The issuance of a charter to the city of Lynchburg in 1876 was commemorated in 1936 by a special coinage of half dollars.
Senator Carter Glass (D.-Va.; 1858-1946) was one of the founders of the Federal Reserve system, and one of the unsung heroes of our nation's economic history. Because no central clearing house or rediscounting facility existed to service several thousand National Banks, among other things, any occasional tightness in the money supply was likely to occasion back failures, factory closures, mortgage foreclosures, tax delinquencies and mass unemployment and in those pre-welfare days, many people starved as a result. By 1907, this had happened enough times to be a source of nationwide anxiety, especially as it seemed on the verge of happening again, as by December of that year the entire National Bank system was on the verge of collapse.
Emergency relief was provided by the Aldrich-Vreeland Act (1908), but it was temporary; the same conditions reappeared in 1912. Senator Aldrich proposed a national reserve association with voluntary bank membership-only to find the farm bloc opposing it on populist grounds suspiciously reminiscent of those adduced eighty years earlier during President Jackson's stupid battle with the Bank of the United States (Jackson's victory over the Bank having precipitated eight years of hard times, like the 1929-1937 depression only without the kind of relief FDR mandated).
At the same time, a House committee revealed incredible Wall Street scandals: a half dozen firms, operating as a cartel, came within a hair's breadth of cornering the money market. As soon as Aldrich's bill failed of passage, Senator Glass introduced its twin, which managed to pass as the Federal Reserve Act.
This set up the Federal Reserve System (popularly the Fed) as a banker's bank, performing the same services for thousands of member banks through its 12 branches as the member banks in turn provided for depositors. It also empowered the Fed to issue its own paper currency, and to manipulate the money supply, buying and selling bonds in the open market, to prevent financial panics like those of 1837, 1857, 1873, 1893, or 1907; not that it was too successful here, as events of 1921 and 1929 proved. This latter disaster induced Senator Glass to create and push passage of the Glass Steagall Act of 1933, creating the Federal Deposit Insurance Corporation (to help protect depositors from bank failures) and making other necessaries repairs and improvements in the Fed.
It is thus only fitting that Glass became the only person in American history to have both his signature on U.S. paper currency (during his tenure as President Wilson's Secretary of Treasury) and his portrait on a U.S. coin, this Lynchburg half dollar. (And the latter was over his own protests, approved by the Treasury Department despite its open violation of the Act of April 7, 1866 forbidding portrayal of any living individual on U.S. coins or currency!)
Glass portrait was chosen as device by Lynchburg Sesquicentennial Association, even as he had been named its honorary president. A portrait of John Lynch (founder of the town, chartered in 1786 hence the date on reverse) would have been more appropriate, according to the Federal Commission of Fine Arts, but none is known.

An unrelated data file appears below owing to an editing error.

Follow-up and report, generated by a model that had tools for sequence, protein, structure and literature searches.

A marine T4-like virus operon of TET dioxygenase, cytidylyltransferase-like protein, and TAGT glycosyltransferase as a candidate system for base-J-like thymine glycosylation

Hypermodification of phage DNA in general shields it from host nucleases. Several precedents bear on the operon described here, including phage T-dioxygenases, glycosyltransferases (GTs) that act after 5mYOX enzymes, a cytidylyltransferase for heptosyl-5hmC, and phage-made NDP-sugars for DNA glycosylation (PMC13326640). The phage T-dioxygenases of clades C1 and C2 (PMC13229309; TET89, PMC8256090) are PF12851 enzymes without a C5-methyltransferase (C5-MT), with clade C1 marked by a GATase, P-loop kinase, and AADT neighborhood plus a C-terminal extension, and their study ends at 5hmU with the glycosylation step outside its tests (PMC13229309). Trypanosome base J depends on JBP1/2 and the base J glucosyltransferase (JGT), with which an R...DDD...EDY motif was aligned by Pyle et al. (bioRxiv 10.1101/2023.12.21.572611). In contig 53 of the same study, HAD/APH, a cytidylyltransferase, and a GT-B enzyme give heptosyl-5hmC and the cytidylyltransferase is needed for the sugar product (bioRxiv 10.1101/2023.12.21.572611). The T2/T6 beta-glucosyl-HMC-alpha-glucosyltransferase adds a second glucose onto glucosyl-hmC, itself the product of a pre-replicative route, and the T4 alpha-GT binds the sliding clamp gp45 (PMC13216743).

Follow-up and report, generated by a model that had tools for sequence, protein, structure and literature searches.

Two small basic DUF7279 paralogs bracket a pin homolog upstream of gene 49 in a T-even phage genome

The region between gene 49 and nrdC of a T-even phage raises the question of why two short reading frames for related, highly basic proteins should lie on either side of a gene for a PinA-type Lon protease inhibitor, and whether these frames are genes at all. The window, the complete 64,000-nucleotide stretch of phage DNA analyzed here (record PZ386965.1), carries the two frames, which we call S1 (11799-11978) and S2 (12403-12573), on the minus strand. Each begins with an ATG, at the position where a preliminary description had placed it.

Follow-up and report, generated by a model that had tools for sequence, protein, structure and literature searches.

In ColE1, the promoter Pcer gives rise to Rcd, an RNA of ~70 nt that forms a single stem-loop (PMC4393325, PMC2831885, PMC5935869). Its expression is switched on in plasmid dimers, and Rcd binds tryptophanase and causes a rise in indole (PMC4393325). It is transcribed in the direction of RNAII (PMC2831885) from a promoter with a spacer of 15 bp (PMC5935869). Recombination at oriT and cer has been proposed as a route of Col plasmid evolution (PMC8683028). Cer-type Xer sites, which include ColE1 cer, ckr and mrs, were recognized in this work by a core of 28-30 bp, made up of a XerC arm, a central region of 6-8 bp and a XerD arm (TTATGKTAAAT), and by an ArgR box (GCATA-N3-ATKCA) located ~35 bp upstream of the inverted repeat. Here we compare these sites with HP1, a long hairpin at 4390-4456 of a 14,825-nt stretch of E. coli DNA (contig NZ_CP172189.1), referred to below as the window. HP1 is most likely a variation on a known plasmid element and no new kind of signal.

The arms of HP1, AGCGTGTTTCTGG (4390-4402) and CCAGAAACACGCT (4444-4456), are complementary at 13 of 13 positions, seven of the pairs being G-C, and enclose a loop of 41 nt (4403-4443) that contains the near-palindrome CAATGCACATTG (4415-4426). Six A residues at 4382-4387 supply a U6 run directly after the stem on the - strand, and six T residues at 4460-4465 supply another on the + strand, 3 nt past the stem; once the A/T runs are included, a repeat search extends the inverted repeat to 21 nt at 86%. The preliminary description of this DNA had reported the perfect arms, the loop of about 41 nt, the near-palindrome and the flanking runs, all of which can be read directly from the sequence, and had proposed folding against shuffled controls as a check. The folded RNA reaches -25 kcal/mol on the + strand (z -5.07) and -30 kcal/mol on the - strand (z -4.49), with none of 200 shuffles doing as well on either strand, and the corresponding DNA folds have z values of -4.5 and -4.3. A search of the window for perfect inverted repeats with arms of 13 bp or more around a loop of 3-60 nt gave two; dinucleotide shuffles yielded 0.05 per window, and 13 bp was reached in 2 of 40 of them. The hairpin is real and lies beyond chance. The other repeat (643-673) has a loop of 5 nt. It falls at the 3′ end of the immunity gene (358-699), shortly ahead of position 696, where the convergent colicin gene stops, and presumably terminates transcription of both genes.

On reverse, Ms. Liberty extends a hand in welcome; behind her is part of Monument Terrace, with the Confederate Monument (above 19 of 1936) and the old Lynchburg Courthouse at the top.
This view for many years was the first sight to greet visitors as the entered Lynchburg at Union Station; it is still perhaps the most distinctive feature of the city.
The Lynchburg Sesquicentennial, otherwise "Lynchburg in Old Virginia Celebrates its 150th Birthday," October 12-16, 1936; Act of May 28, 1936. As the coins were offered at $1 apiece, with a limit of ten per customer, clearly there was little room for That Five Finger Word here.
The Lynchburg Sesquicentennial Association. Fred McWane, secretary. This group debated the merits of Keck and John Brcin as possible designers; Charles Moore of the Federal Commission of Fine Arts praised both, but emphasized Keck's special qualification he had already designed several previous commemorative coins: accordingly, the Association gave the commission to Keck, along with the $1000 figure named by the Commission (July 1, 1936).
Keck's models were completed before July 28, on which day they went from Acting Director of the Mint, Mary O'Reilly, to the Commission, which approved them on the 29th. The Philadelphia Mint struck the full authorized amount, 20,000 coins, plus 13 reserved for assay; these were released as of September 21, in time for local celebrations. Locals got them for $1; outsiders received them by mail at $1.25.
The entire batch sold out, mostly as singles, a smaller number in five coin presentation packages (limit of two packages per customer). We illustrate one of the buff-colored original holders of the issue. About 100 of these are known to survive. No proofs are reported, though some may have been made for John R. Sinnock. Survivors in gem state are increasingly difficult to locate, and increasingly often simulated by lower quality coins with plain nicks and scratches, especially left of Senator Glass' car and on Ms. Liberty's thighs. The latter are not recommended.